Immune modulation by parenteral lipid emulsions
ABSTRACT Total parenteral nutrition is the final option for nutritional support of patients with severe intestinal failure. Lipid emulsions constitute the main source of fuel calories and fatty acids (FAs) in parenteral nutrition formulations. However, adverse effects on patient outcomes have been attributed to the use of lipids, mostly in relation to impaired immune defenses and altered inflammatory responses. Over the years, this issue has remained in the limelight, also because technical advances have provided no safeguard against the most daunting problems, ie, infectious complications. Nevertheless, numerous investigations have failed to produce a clear picture of the immunologic characteristics of the most commonly used soybean oil-derived lipid emulsions, although their high content of n-6 polyunsaturated FAs (PUFAs) has been considered a drawback because of their proinflammatory potential. This concern initiated the development of emulsions in which part of the n-6 FA component is replaced by less bioactive FAs, such as coconut oil (rich in medium-chain saturated FAs) or olive oil (rich in the n-9 monounsaturated FA oleic acid). Another approach has been to use fish oil (rich in n-3 PUFA), the FAs of which have biological activities different from those of n-6 PUFAs. Recent studies on the modulation of host defenses and inflammation by fish-oil emulsions have yielded consistent data, which indicate that these emulsions may provide a tool to beneficially alter the course of immune-mediated conditions. Although most of these lipids have not yet become available on the US market, this review synthesizes available information on immunologic characteristics of the different lipids that currently can be applied via parenteral nutrition support.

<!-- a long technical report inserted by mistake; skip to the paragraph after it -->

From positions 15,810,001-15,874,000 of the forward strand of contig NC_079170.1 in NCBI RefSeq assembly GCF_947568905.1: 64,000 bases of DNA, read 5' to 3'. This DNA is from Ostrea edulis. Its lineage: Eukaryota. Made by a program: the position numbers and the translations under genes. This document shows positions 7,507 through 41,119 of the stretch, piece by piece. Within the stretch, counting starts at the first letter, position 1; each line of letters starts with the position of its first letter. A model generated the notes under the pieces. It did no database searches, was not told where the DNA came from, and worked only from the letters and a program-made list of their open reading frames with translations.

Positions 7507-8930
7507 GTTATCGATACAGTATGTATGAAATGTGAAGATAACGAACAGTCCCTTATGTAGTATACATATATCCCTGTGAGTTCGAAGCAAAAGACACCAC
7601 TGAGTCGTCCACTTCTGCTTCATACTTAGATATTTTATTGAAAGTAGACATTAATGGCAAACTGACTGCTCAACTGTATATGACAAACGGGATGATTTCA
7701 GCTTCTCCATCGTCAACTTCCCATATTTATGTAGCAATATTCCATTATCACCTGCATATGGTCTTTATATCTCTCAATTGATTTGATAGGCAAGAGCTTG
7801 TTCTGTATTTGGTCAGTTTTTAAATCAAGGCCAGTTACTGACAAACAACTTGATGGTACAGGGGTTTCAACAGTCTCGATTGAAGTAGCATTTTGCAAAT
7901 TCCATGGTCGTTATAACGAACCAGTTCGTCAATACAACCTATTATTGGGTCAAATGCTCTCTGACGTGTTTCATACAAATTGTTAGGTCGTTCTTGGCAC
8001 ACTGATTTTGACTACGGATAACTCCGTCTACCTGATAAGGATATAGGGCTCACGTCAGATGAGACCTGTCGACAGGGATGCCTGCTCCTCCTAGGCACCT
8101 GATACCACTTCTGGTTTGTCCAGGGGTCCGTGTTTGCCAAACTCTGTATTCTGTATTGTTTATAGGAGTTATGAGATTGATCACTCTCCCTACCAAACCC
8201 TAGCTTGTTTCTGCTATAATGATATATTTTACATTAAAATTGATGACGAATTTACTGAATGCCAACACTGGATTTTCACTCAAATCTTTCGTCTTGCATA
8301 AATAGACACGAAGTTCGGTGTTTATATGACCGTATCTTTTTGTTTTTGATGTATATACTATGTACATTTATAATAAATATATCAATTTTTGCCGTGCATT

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ABSTRACT: Objective: Review the literature regarding parenteral nutrition of preterm infants in order to propose a practical guideline for indication, increase of parameters and monitor- ing of this nutritional therapy in neonatal units. Data source: Studies in English and Portuguese from the last ten years were retrieved from Medline, Embase, Lilacs and SciELO using the following key-words: preterm infants, parenteral nutrition, nutrition therapy and lipid emulsions. Also classical studies and consensus on the theme were manually searched. Data synthesis: Parenteral nutrition is an essential treatment strategy for preterm infants. Besides progress in knowledge and legislation, several factors contribute to reduce neonatal morbidity and mortality of newborns using parenteral nutrition and to increase the security in its prescription such as catheters' quality, training of the multiprofessional team and development of new specifi c parenteral nutrition formulations. Conclusions: The practical parenteral nutrition guide- line proposed here follows international guidelines and was based on critical analysis of the studies published in the last 10 years.
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ABSTRACT: Orthogonal experiments were employed to optimize the correlated parameters of reduction, sulfonation, substitution and hydrolysis. These reactions were used to convert γ-linolenic acids into dihomo-γ-linolenic acids (DGLA). For the reduction, the best reaction conditions were at 35°C for 4.5h with LiAlH4 and γ-linolenic acid (in the ratio of 40g:100g); for the sulfonation, reaction at 29°C for 3.5h with 150g γ-linolenic alcohol and 65mL mesyl chloride, then the water phase being extracted with dichloromethane (3×100mL); for the substitution, the reaction at 80°C for 2.5h with metallic sodium and sulfonate (at a ratio of 8g:100g); and for the hydrolysis, reaction at 80°C for 2.5h with NaOH and dihomo dioate (at a ratio of 50g:100g). The four reactions gave yields that exceeded 90% for each step. Finally, crystallization and decarboxylation provided DGLA in an overall yield of 60% and >95% purity.Journal of Oil & Fat Industries 01/2008; 86(1):77-82. DOI:10.1007/s11746-008-1320-0 · 1.62 Impact Factor
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ABSTRACT: Lipids and glucides, the energetic compounds in artificial nutrition solutions, are not only “fuel” but possess other biologic functions which may influence disease evolution. Energy-yielding solutions should cover the patient’s metabolic needs but should also limit any inflammatory and oxidative stress or impairment of the immune system. This paper provides a concise overview of the clinical and metabolic properties of the most common energetic substrates employed both in enteral and parenteral nutrition. KeywordsLipids-Glucides-Parenteral and enteral nutrition-Clinical effectsMediterranean Journal of Nutrition and Metabolism 04/2009; 3(1):9-14. DOI:10.1007/s12349-009-0064-1